Condemned Alabama Prisoner Seeks Stay Based on Mental Incompetency and Arrest of Court-Appointed Expert

Lawyers for 67-year-old Vernon Madison (pictured), a death-row prisoner whose diagnosis of "irreversible and progressive" vascular dementia has left him with no memory of the crime for which he was sentenced to death, have filed a motion to stay his January 25 execution in Alabama. In a petition for writ of certiorari and motion for stay of execution filed January 18 in the U.S. Supreme Court, Madison's lawyers argue that the courts wrongly found Madison competent to be executed based upon the opinion of a drug-addicted psychologist who has been suspended from practice and arrested on felony charges of forging prescriptions for controlled substances. The petition says a series of strokes has left Madison with no memory of the murder for which he was sentenced to death, an IQ within the range of those with intellectual disability, and unable to recall the alphabet beyond the letter G. Madison is also legally blind, incontinent, and unable to walk independently. The U.S. Supreme Court had cleared the way for Madison’s execution in a November 2017 opinion, overturning an earlier federal appeals court’s ruling that Alabama's state courts had unreasonably found Madison competent to be executed. The Supreme Court noted that, at that time, its review of the case was limited by federal habeas law, which the court said required it to defer to the Alabama court ruling. The court expressed no view "outside of the [federal habeas] context" whether Madison was competent to be executed. In their current appeal, Madison's lawyers presented unrebutted new evidence challenging the opinions offered by Dr. Karl Kirkland, the court-appointed psychologist on whom the state court had relied in finding Madison to be competent. The appeal argued that Kirkland's opinions were not credible because "he was suffering from a substance abuse disorder, using forged prescriptions to obtain controlled substances just four days after the hearing in this case and was ultimately charged with four felonies and suspended from the practice of psychology." After a brief hearing in a Mobile County court, the judge denied relief in a single sentence, saying that Madison "did not provide a substantial threshold showing of insanity." Because no appeal was available in the Alabama court system, Madison brought his appeal directly to the Supreme Court. This time, his appeal notes, the Court is not constrained by the federal habeas statute. Justices Sotomayor and Breyer both issued separate concurring opinions in November, with Justice Sotomayor pointing out that "whether a State may administer the death penalty to a person whose disability leaves him without memory of his commission of a capital offense" is a question that has yet to be addressed by the Court, and Justice Breyer expressing his belief that the Court should take up the question of the constitutionality of the death penalty rather than develop law specific to older, infirm death-row prisoners. In 1994, the sentencing jury in Madison's case recommended that he be sentenced to life without parole, but the trial judge overrode the jury's recommendation and sentenced Madison to death. In 2017, Alabama abolished the practice of judicial override.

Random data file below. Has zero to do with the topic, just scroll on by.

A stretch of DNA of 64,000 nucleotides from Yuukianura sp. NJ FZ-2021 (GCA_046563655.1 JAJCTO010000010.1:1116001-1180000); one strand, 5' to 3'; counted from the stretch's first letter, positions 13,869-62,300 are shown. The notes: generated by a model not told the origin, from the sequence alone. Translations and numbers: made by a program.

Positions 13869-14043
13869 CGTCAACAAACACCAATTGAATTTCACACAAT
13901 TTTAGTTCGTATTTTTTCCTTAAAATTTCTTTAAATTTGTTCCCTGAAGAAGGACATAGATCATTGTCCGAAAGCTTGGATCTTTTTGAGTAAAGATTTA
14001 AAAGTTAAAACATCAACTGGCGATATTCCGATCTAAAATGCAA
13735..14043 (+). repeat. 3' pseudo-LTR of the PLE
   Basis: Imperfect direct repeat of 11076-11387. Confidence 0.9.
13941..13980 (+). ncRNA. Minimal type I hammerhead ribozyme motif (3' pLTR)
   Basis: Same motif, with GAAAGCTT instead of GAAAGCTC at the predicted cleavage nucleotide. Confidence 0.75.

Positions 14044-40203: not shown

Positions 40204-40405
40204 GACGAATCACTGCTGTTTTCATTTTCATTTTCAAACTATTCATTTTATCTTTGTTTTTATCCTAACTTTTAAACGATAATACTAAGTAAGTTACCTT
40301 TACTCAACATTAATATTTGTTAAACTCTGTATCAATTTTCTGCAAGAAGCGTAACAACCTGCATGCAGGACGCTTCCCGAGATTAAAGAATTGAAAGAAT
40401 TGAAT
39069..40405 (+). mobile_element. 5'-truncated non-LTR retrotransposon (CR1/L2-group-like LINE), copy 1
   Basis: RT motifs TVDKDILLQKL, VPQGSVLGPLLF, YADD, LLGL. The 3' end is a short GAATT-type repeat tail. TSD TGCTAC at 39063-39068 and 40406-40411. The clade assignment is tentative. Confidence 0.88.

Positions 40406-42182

(Ivana Hrynkiw, Alabama death row inmate's lawyers: Court-appointed expert's opinion invalid because of drug arrest, AL.com, January 22, 2108; Kim Chandler, Lawyers: Inmate awaiting execution no longer remembers crime, Associated Press, January 22, 2018; Beth Shelburne, Request for execution stay says condemned Alabama man is incompetent, WBRC Fox-6 News, January 22, 2018.) Read Madison’s Petition for Writ of Certiorari. The full set of Supreme Court pleadings for this appeal are available here. See Upcoming Executions and Mental Illness.